Won’t happen. Far too many people on their side are guilty of it, and far too many people are already invested in the idea that what is very, very bad for us is just fine for the Tor set and everyone who bought memberships for their children and extended families.
This is the only real option for them now. It’s also the one that is most frightening for them, because it puts an end to their gentleman’s agreement to stick to logrolling and whisper campaigns as long as no one gets too greedy, and forces them to come out and compete in the open. They hate open competition on principle and the idea that they might come out for a fair fight next year and lose will strike them as so terrifying as to be beyond imagining. Furthermore, because they really, really care about winning awards, it’s going to be much harder for them to put together a slate, much less find the numbers to support it in the disciplined manner required now that a bloc of 40 votes is no longer sufficient to put something on the shortlist.
Kate Paulk on Mad Genius Club
“Of Puppies and Principles” – May 21
Anyway, this little piece of anecdata leads to some thoughts about what could be considered the Sad Puppy Manifesto (although it isn’t, since the Sad Puppy organizers were – and are – more interested in doing stuff and getting results from said doings than in writing manifestos….
5. More voters and more votes mean more representative results. In 2008, fewer than 500 nomination ballots were cast for the Hugo awards. There were categories where the nominated works had fewer than 20 votes. In that environment, it doesn’t take much for someone with an agenda and a loyal following to push out anything they don’t like. In 2015, more than 2000 nomination ballots were cast. That makes it harder for things like the Sad Puppies campaigns, or our not at all hypothetical person with an agenda to push out everything else – but it doesn’t make it impossible. More people voting means that absent corruption on the part of the officials (which doesn’t appear to be a factor based on the information that’s publicly available), the results will tend to reflect the desires of the broader public (because the voters are a sample – and by the very nature of statistics, larger samples tend to be more representative of the overall population than smaller samples – and yes, I know it’s not that bloody simple. I’m trying to keep this short and failing miserably).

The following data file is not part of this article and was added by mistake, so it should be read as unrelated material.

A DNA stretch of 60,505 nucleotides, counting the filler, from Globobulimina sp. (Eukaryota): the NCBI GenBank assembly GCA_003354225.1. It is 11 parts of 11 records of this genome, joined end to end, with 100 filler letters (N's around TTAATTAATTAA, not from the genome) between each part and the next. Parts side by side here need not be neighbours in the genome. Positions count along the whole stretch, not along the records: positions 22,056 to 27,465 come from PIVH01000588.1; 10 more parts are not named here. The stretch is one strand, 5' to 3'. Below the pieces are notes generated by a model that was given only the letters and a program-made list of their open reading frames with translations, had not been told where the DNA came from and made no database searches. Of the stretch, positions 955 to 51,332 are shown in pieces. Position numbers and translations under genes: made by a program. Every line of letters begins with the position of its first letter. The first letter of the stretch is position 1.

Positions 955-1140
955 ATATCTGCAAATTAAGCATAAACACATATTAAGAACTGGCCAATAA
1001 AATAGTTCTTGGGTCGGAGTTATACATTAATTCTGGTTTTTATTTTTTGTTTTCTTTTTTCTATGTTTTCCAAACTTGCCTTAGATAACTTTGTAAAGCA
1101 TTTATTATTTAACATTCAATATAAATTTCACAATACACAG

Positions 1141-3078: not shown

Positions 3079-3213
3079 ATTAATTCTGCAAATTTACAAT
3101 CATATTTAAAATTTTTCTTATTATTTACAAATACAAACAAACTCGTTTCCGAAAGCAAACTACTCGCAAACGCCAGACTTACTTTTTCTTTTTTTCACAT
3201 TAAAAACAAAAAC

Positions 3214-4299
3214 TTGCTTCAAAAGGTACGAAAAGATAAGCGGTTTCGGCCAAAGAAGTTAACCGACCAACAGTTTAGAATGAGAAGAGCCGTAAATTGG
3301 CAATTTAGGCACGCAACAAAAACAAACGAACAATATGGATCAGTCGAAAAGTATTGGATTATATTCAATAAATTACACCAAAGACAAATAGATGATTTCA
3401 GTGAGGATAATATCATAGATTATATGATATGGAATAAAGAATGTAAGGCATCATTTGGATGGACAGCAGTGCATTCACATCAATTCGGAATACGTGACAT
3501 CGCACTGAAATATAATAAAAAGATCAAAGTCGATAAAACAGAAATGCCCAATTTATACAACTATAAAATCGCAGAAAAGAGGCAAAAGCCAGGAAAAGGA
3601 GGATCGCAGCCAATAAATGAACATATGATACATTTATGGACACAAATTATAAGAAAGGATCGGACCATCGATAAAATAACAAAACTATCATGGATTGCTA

….So, if you’re a member, read the stories, then decide which way you’re going to vote.
And while you’re at it, review the WorldCon 2017 Site Selection bids and pay your $40 to vote for the one you prefer: you’ll get automatic supporting membership for WorldCon 2017 before the price goes up.
John C. Wright
“The Customer is Always Right” – May 21
….On the 770 blog, that wretched hive of scum and villainy, I unwisely left a gentle remark where I noted that a hiccuping hapless lackwit quoted this passage of fulsome praise to support the contention of my alleged dislike of womankind, rather than taking it as evidence to the clear contrary.
Emma, a zealous Inquisitor of the Thought Police, helps explicate the enigma.
It is difficult for me to untie the Gordian knot of this intestinal bafflegab (madonna/whore ideology?) since I do not have my Morlock-to-Reality dictionary at hand.
John C. Wright
“The Uncorrectors are Never Right” – May 21
I was taught, and experience confirms, that the alleged correction of “the hoi polloi” is the very soul and exemplar of pedantic error and half-learned buffoonery.
No learned man ever offers that correction, and no one ever offers it innocently, but only in vulgar pretense of erudition they do not possess. (A man with a modicum of real education would look in the OED, and see this phase is correct in English.)
Ridley Kemp on Stay With Me, Go Places
If you want my take on the Hugos, I’ll give you this:
In ye olden dayes, the players selected for baseball’s all-star game were elected by public ballots. In 1957, the ballots were being printed in newspapers instead of passed out to the fans at games (as I remember from the 1970’s) or online (as it’s done now). The Cincinnati Enquirer decided to help the fans out a little by printing pre-filled ballots with nothing be Cincinnati ballplayers selected. As a result, the starting lineup for the 1957 National League team consisted of Stan Musial, a St. Louis Cardinal, and 7 cincinnati Reds.
People rightly saw this as a subversion of the process. Ford Frick, the commissioner of baseball, immediately replaced two Reds outfielders, Wally Post and Gus Bell, with Hank Aaron and Willie Mays because, c’mon, Hank Aaron and Willie Mays. The remaining Reds were allowed to start the game and then almost immediatley replaced once the game started, and the game looked like an All-Star game once more.
Martin Wisse on Wis[s]e Words
Nobody with any familiarity of Worldcon fandom’s history and culture believes that it’s dishonest to vote No Award over any nomination that got there through blatant slate voting, or that fans have a duty to be “fair” to nominations which stole their place on the ballot.
Marion on Deeds & Words
To my mind, nowhere is the problem of the bloc-voting and the slate concept better demonstrated than in the Novella Category. Here is the short-list….